You can find Ed many a Sunday morning running with the Off Season Striders, no matter what the weather.
At the tender young age of 67 Ed regularly competes in a number of triathlons.
A NOTE TO MOM AND DAD
Persons active in running have been heard to say "I wish I could get my mom or dad into the sport of running." This is a caring and worthwhile effort and the rewards are many. Two that quickly come to mind are a healthy lifestyle and a good way to shed some unwanted pounds. But there is much more. The interaction between a runner, and a running mom or dad can be priceless. So in an effort to reach mom and dad, the next three paragraphs are directed to mom and dad:
Well, your youngster has grown up. Their education is complete, they've found a job and are doing well and they have discovered the sport of running. When they visit, they take time away to go running. They even talk about fun runs. "Really" you say. "How can running be fun?" Well, that's a long story that began a long time ago. Way back when your son or daughter was a preschooler. You remember! You showed them how to tie their shoes, how to hold a pencil. Then you helped with homework, the math formulas, algebra and how to start an essay. You showed them how to shoot a free throw, throw a curveball over the plate, hand position when hitting a golf ball. How to cast a lure while fishing and then as a student driver you showed them how to set cruise control and how to parallel park and so much more. You did all that and you did it well. Now, your son or daughter would like to show you an activity they love - running. They will help you select the proper shoes and the right nutrition supplements from all those on the grocery store shelves. They will coach you on how much water to drink, how to stretch your leg muscles before a run and how to relax them after a run. They will offer suggestions on how to deal with aches that come with running. They will offer all this and much more with the same love and kindness that you offered so generously years ago. And why not? They learned the art of helping a loved one from masters. They learned from you, mom and dad.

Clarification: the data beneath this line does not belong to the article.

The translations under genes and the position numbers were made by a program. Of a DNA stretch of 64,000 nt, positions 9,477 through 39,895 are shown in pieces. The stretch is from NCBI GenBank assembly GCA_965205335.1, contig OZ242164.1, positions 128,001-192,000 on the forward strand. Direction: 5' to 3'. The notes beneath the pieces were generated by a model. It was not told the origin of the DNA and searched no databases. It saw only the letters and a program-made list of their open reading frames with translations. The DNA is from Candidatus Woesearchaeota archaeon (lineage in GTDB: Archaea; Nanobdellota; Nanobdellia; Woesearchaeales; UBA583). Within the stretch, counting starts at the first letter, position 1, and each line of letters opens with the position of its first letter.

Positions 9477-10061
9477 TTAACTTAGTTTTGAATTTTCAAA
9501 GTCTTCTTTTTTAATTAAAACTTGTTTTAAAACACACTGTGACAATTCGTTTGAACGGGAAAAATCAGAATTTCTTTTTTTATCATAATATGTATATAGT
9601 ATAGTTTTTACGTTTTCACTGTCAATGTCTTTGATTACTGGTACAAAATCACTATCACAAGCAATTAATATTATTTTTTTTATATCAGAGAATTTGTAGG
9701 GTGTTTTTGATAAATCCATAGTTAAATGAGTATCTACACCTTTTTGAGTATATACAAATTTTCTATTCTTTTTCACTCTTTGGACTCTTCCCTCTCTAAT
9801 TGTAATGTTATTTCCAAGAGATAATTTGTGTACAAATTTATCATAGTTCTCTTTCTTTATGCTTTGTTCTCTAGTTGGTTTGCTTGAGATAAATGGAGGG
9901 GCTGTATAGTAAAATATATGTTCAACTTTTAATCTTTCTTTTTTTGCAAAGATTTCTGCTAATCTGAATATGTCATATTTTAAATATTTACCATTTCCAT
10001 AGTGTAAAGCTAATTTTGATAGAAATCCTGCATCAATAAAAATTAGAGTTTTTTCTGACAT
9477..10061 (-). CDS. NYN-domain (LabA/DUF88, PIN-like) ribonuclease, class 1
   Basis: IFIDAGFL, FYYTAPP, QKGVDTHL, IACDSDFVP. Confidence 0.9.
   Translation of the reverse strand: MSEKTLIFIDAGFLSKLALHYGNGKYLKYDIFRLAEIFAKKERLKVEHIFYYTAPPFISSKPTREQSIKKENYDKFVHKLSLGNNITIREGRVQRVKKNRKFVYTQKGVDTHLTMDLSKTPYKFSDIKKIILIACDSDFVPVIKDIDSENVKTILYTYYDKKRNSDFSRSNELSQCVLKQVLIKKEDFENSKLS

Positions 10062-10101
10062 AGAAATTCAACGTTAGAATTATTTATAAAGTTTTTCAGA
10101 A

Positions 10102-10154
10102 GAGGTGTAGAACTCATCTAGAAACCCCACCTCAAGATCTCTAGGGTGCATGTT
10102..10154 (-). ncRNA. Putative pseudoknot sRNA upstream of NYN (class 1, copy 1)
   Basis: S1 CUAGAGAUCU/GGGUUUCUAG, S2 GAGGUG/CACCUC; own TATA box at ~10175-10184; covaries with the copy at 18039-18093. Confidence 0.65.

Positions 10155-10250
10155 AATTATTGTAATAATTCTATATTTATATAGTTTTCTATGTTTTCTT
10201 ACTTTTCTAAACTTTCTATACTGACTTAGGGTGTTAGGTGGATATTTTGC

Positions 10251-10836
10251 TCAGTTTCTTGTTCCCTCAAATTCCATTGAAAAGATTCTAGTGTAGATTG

And then there may be some group runs. Don't worry about being too slow. Everyone starts their running life slow. You'll meet some nice people and they'll readily share their experiences with running and how it all started. There may even be a fun run. There you'll go to the start line feeling a little nervous and there will be some last minute advice. The start signal goes off and you're running. You may fall behind but there is one thing you can count on. There will be a finish line and your son or daughter will be there waiting for you with high fives and hugs and maybe even "hey, that was great.....we should do this again sometime." And it could be you saying it.
I started running at age 47. I took our daughter, Erin who was 15 years old at the time, to a fun run. I paid her entry fee and promptly sat down on a picnic table and waited. Soon, runners started crossing the finish line as did Erin. Then some of the older guys crossed as well, guys my age. I watched how they ran and how they looked and then looked at myself sitting on a picnic table carrying thirty extra pounds I didn't want. That's how I got into running. Our older daughter Rachel is also a runner. Both daughters are not interested in some of my other favorite sport activities like ice fishing, deer hunting and trap shooting. But the three of us have done fun runs together and those were the best of times. We've been running for years and we still share advice. They have given me a lot of good advice and even some mild scoldings at times. I can say without hesitation about the advice and the scoldings, I loved every minute of it.